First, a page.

Book Now For Next…Autumn?

London, Observatory

The paradox of London, as noted elsewhere on this site, is that while the wealthy properties might now be owned by SE Asians who visit twice a year, leaving richest parts of the city feeling oddly dead, the rising number of tourists and general visitors means that an immense amount of planning must go into the simple act of going out.

This week I attempted the following:
To get into a cheap restaurant that never took reservations before but now does (Sorry, Sir, full up all day, try tomorrow)
Book a fancy restaurant for a friend’s birthday next month (Sorry, Sir, nothing until after Christmas)
Book an online cinema event (Tickets went on sale at 11:30am, sold out 11:31am)
Book a play (Entire run sold out)

Don’t even think about Wimbledon, the Olympics or the Proms (unless it’s something very avant-garde). I saw an ad for a singer I quite like – she’s not that famous or popular, I thought, but worth catching, so I went online to look at the tickets. There were plenty left, but her three-night show is not this autumn – it’s October 2012. The oil might have run out by then. We could all be fighting each other for food. Who knows where I’ll be?

Christmas in Oxford Street started in the sweltering early days of September. Stand-up comics who once played in pubs are now performing at stadiums. People are queuing outside Apple overnight. The tubes are rammed with people carrying gigantic boxes. My next year’s diary already has a lot of dates filled in it. Usually I can’t even think about organising what I’ll be doing tomorrow. How will I cope with a world where a simple meal must be planned three months in advance?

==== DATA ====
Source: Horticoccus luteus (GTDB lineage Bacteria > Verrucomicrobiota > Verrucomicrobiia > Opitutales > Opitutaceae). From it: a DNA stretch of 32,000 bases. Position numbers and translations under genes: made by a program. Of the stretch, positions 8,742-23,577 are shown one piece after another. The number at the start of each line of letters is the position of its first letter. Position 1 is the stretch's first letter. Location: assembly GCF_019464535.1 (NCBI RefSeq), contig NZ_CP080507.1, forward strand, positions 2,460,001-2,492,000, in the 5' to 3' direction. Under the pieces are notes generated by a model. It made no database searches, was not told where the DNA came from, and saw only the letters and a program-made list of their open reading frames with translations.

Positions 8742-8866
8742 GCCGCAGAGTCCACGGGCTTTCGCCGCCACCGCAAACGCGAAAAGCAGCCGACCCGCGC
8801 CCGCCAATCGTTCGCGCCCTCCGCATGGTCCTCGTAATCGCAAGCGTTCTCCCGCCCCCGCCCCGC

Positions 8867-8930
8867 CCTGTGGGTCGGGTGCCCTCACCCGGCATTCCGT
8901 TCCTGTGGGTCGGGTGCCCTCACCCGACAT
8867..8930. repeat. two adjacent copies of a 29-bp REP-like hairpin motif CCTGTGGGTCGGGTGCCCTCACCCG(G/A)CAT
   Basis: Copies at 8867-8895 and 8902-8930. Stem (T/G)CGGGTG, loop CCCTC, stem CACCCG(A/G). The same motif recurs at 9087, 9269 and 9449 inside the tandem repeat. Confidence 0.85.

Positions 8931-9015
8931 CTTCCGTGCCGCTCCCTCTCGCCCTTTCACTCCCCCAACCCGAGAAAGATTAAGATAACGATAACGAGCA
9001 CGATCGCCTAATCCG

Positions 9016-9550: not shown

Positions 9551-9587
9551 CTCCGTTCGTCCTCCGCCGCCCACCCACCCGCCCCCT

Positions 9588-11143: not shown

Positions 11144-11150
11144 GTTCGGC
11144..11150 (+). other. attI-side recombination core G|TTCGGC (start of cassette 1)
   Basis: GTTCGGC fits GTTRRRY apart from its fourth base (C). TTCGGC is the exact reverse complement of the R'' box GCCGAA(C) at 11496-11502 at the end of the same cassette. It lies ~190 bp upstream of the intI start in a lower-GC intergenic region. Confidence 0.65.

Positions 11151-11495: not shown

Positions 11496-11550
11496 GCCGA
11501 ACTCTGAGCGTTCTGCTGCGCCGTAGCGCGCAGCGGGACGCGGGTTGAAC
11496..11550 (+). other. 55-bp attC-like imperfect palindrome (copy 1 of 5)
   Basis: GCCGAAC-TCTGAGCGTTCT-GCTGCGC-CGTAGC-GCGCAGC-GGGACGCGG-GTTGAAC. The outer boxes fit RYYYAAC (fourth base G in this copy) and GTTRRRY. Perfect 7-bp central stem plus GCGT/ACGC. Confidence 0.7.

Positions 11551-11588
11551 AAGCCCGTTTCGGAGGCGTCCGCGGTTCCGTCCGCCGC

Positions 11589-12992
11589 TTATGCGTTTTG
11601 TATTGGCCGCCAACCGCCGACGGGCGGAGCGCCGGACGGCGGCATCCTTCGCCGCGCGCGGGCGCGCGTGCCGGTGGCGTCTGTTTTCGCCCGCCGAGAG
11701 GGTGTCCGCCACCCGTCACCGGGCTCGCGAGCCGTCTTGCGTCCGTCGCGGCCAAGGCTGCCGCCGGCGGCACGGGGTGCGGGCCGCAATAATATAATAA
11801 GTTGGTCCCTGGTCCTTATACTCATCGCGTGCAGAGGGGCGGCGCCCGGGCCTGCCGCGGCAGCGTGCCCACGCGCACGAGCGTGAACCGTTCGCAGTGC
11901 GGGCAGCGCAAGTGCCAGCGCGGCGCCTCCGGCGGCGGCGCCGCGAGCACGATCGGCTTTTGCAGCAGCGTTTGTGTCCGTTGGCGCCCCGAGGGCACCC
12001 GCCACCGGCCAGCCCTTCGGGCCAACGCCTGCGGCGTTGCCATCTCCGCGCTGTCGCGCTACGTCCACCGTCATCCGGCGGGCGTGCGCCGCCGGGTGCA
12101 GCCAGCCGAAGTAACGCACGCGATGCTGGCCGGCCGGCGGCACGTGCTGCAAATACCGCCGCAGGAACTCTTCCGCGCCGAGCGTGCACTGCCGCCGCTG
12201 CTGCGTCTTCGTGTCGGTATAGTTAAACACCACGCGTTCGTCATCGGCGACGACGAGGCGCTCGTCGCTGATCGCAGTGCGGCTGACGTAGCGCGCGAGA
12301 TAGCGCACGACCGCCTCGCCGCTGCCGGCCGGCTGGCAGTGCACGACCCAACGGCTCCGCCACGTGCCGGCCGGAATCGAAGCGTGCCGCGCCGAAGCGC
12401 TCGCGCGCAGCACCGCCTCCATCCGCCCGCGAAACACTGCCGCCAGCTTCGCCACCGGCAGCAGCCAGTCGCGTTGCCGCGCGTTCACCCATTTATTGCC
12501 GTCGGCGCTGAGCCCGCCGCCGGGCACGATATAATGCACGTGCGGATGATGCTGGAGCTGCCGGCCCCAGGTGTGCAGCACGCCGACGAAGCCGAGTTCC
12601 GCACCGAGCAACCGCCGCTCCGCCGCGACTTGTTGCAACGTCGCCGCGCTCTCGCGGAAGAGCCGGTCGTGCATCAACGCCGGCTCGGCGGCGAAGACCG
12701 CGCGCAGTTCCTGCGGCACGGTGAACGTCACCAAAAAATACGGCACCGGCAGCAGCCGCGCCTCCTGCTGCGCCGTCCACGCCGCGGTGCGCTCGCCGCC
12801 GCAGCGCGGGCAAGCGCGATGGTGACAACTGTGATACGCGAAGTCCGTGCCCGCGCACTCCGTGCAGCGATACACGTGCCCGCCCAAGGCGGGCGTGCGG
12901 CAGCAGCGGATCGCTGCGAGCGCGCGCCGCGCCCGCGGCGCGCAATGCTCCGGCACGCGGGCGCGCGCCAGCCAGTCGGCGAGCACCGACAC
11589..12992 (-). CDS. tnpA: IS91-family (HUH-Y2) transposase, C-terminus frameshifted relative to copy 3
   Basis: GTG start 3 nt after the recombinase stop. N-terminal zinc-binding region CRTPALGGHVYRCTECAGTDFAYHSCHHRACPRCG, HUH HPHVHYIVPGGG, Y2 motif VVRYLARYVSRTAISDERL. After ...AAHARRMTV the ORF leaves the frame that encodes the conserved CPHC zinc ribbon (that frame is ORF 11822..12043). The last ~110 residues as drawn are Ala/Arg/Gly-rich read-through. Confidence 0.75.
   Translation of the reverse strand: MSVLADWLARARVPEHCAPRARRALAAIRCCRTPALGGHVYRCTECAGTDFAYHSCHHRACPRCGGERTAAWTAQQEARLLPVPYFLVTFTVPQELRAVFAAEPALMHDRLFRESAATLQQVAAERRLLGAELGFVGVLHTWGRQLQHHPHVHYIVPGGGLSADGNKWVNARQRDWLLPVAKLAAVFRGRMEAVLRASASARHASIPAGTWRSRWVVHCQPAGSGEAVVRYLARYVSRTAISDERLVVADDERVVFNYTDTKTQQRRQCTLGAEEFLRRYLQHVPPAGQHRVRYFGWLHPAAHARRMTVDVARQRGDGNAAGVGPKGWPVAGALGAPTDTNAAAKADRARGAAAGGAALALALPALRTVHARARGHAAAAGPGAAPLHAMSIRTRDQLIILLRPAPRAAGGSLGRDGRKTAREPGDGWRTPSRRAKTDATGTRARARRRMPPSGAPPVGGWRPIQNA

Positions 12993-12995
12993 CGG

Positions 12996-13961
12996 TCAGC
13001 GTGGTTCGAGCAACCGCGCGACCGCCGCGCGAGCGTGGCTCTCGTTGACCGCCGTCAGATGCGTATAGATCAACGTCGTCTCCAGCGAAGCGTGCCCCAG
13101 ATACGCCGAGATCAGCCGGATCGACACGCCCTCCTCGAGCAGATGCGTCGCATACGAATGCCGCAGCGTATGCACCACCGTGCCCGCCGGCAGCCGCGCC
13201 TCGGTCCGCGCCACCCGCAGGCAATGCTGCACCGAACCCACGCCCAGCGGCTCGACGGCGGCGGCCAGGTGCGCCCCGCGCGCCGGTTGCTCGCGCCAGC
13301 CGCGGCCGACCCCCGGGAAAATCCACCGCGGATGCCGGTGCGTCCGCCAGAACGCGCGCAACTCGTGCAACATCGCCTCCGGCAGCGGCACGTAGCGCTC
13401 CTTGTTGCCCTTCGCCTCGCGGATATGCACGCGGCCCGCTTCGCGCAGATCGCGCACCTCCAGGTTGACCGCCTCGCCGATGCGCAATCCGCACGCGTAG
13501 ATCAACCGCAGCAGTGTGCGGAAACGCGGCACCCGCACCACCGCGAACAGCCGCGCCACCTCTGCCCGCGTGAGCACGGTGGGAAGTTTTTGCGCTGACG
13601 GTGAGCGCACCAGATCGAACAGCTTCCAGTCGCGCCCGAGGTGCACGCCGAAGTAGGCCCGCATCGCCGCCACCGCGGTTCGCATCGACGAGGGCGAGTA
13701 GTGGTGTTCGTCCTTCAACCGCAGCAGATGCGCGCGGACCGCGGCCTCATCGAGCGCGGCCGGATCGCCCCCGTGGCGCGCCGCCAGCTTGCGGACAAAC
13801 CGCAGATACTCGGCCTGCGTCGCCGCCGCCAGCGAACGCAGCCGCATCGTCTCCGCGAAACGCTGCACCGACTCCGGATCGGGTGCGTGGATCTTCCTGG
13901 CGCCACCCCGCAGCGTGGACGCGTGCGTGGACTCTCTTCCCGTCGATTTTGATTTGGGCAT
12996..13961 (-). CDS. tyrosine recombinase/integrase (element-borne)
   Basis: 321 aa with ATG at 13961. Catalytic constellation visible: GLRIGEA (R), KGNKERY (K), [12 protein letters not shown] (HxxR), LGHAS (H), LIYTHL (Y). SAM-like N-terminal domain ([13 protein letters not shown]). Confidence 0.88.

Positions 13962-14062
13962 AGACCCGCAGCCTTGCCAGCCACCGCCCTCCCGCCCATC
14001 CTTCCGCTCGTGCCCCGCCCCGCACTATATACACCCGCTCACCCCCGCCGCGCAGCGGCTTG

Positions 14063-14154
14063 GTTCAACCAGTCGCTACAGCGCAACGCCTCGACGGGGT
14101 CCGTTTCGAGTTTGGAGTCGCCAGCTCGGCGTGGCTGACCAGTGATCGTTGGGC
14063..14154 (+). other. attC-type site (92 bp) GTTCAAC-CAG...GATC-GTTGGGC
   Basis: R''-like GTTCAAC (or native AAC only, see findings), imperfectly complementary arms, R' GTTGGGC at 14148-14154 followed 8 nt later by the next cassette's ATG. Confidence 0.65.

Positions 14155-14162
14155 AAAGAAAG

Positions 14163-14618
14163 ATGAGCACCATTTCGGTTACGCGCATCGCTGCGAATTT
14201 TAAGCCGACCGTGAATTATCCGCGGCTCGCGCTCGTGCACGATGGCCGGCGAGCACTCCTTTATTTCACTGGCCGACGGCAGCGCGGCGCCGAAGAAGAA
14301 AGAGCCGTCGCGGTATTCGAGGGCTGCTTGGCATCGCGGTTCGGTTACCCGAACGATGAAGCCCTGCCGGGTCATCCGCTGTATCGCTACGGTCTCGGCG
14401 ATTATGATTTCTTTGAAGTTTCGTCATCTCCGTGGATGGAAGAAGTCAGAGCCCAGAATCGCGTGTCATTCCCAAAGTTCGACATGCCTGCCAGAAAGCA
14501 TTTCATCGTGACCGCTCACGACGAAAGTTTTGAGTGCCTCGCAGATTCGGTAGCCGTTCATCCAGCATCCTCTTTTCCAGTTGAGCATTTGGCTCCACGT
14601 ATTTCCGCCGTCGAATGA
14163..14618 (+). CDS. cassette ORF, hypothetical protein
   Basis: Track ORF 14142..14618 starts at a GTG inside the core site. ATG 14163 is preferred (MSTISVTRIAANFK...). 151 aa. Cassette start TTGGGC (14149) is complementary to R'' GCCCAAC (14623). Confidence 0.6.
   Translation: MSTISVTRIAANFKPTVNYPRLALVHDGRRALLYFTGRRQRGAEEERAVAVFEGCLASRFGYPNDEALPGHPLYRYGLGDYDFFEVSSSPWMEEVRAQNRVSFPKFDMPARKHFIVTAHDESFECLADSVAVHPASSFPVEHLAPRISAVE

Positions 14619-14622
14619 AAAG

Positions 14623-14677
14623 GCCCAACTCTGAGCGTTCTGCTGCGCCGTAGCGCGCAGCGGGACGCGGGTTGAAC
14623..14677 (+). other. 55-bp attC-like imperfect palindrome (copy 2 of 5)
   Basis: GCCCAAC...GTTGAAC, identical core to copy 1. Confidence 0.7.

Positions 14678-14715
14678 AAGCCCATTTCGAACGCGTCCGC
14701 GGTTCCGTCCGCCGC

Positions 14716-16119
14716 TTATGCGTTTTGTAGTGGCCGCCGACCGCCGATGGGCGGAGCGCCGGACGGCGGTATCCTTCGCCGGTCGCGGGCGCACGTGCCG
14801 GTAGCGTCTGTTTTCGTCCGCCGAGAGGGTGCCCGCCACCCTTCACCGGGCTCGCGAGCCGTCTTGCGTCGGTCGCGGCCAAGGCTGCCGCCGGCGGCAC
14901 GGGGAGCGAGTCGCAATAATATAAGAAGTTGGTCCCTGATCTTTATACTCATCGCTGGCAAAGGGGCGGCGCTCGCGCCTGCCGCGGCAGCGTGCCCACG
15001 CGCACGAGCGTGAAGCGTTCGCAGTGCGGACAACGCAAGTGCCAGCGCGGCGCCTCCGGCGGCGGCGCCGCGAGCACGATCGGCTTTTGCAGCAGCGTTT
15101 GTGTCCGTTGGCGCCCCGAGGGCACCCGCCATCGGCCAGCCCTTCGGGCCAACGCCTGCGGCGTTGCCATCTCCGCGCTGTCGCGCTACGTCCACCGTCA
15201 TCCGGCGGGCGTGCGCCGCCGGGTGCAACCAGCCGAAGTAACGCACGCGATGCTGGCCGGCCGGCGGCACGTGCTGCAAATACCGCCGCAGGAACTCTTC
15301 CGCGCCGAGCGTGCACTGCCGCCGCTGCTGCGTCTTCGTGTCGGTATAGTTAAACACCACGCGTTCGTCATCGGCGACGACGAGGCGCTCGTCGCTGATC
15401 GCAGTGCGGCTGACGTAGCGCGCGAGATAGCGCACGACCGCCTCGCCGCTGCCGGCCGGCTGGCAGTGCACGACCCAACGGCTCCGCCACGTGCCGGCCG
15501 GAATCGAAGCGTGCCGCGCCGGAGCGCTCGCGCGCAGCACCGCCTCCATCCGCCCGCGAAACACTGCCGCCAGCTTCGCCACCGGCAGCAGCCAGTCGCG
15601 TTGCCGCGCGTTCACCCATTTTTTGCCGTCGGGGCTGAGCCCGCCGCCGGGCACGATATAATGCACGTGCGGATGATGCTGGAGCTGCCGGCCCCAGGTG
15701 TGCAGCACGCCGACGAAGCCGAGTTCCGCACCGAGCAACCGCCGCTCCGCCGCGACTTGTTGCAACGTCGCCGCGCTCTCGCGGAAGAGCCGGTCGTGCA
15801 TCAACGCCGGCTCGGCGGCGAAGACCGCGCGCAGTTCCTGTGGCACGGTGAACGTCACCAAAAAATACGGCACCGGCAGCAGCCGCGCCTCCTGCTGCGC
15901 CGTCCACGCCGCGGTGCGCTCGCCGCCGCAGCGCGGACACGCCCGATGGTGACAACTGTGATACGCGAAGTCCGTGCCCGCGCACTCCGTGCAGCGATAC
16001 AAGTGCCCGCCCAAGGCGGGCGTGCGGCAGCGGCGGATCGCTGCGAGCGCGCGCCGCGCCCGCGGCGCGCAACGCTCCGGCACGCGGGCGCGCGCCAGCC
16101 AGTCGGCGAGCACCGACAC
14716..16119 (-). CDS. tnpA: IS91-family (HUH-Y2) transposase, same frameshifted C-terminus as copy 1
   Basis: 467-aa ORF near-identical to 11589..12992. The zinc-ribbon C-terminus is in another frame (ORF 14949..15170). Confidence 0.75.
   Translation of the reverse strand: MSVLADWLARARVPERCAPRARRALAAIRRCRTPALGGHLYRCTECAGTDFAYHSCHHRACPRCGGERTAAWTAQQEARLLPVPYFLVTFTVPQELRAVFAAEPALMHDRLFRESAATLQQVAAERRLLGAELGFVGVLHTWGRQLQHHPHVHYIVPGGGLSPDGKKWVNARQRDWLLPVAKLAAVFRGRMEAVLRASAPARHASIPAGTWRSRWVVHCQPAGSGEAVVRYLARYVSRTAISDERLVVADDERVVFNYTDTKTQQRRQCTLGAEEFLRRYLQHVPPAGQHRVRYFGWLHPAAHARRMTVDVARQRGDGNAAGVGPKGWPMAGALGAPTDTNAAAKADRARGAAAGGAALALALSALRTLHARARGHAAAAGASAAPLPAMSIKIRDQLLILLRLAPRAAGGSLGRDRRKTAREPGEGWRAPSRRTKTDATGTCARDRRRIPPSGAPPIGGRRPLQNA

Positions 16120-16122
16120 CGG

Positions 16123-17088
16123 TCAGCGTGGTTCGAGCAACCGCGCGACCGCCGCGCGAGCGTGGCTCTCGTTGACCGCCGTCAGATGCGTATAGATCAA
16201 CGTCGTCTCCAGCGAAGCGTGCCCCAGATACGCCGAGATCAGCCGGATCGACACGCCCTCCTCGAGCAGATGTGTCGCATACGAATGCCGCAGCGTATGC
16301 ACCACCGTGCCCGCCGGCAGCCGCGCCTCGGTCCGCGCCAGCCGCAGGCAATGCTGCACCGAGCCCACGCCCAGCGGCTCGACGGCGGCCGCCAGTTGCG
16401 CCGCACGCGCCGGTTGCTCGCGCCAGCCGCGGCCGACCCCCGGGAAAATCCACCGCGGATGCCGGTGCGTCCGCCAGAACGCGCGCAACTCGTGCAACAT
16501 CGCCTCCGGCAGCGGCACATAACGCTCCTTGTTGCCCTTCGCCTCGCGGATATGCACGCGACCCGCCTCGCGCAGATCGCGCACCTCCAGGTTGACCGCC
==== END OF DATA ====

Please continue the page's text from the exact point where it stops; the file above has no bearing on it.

I know there are ways around this – get online updates from companies, keep the eyes peeled for announcements, keep your finger hovering over that SEND button, but – really?

4 comments on “Book Now For Next…Autumn?”

  1. Wayne says:

    Well Christopher, its not just London. I live in a sleepy seaside town and the same is true here… Try to get a ticket to see something at the sea front theater and you walk in to the ticket office the day they go on sale and your out of luck. Online sales have taken priority. They even charge a booking fee at the ticket office, I treated my Mum to tickets for a well known act and had to hand over an extra £10 as a booking fee….Got the last three tickets the day they went on sale.

    As for Meals out… Forget it! at least in the Summer. Then in the winter most places are shut.

  2. Alan Morgan says:

    I’m sure there’s still tickets going all season at the Kirkgate Arts, Cockermouth – just up the Northern Line. Right up. You just have to be prepared to leave central London. All that within the M25. Or the home counties. Much of England indeed.

  3. Stephen Groves says:

    Hi Chris,
    We will be ordering books before their written next.


  4. Helen Martin says:

    Spur of the moment decisions are disastrous. A couple of Saturdays ago a friend had tickets for Westside Story. He and his friend decided that they would go early and have dinner downtown because there was also a hockey game, a football game, a major concert and a dance presentation. They found a place to park the car (I’d have used a cab or the bus)and then tried to find dinner. They weren’t looking for fancy, just pleasant, but either they were booked solid, there was an hour’s wait or they were closed. They ended up in the food fair at a nearby mall. The downtown was wall to wall people. That should be good, but it’s unnerving when you’re not expecting it. Yes, get away from downtown and there’s more space and choice, but fewer performance venues.

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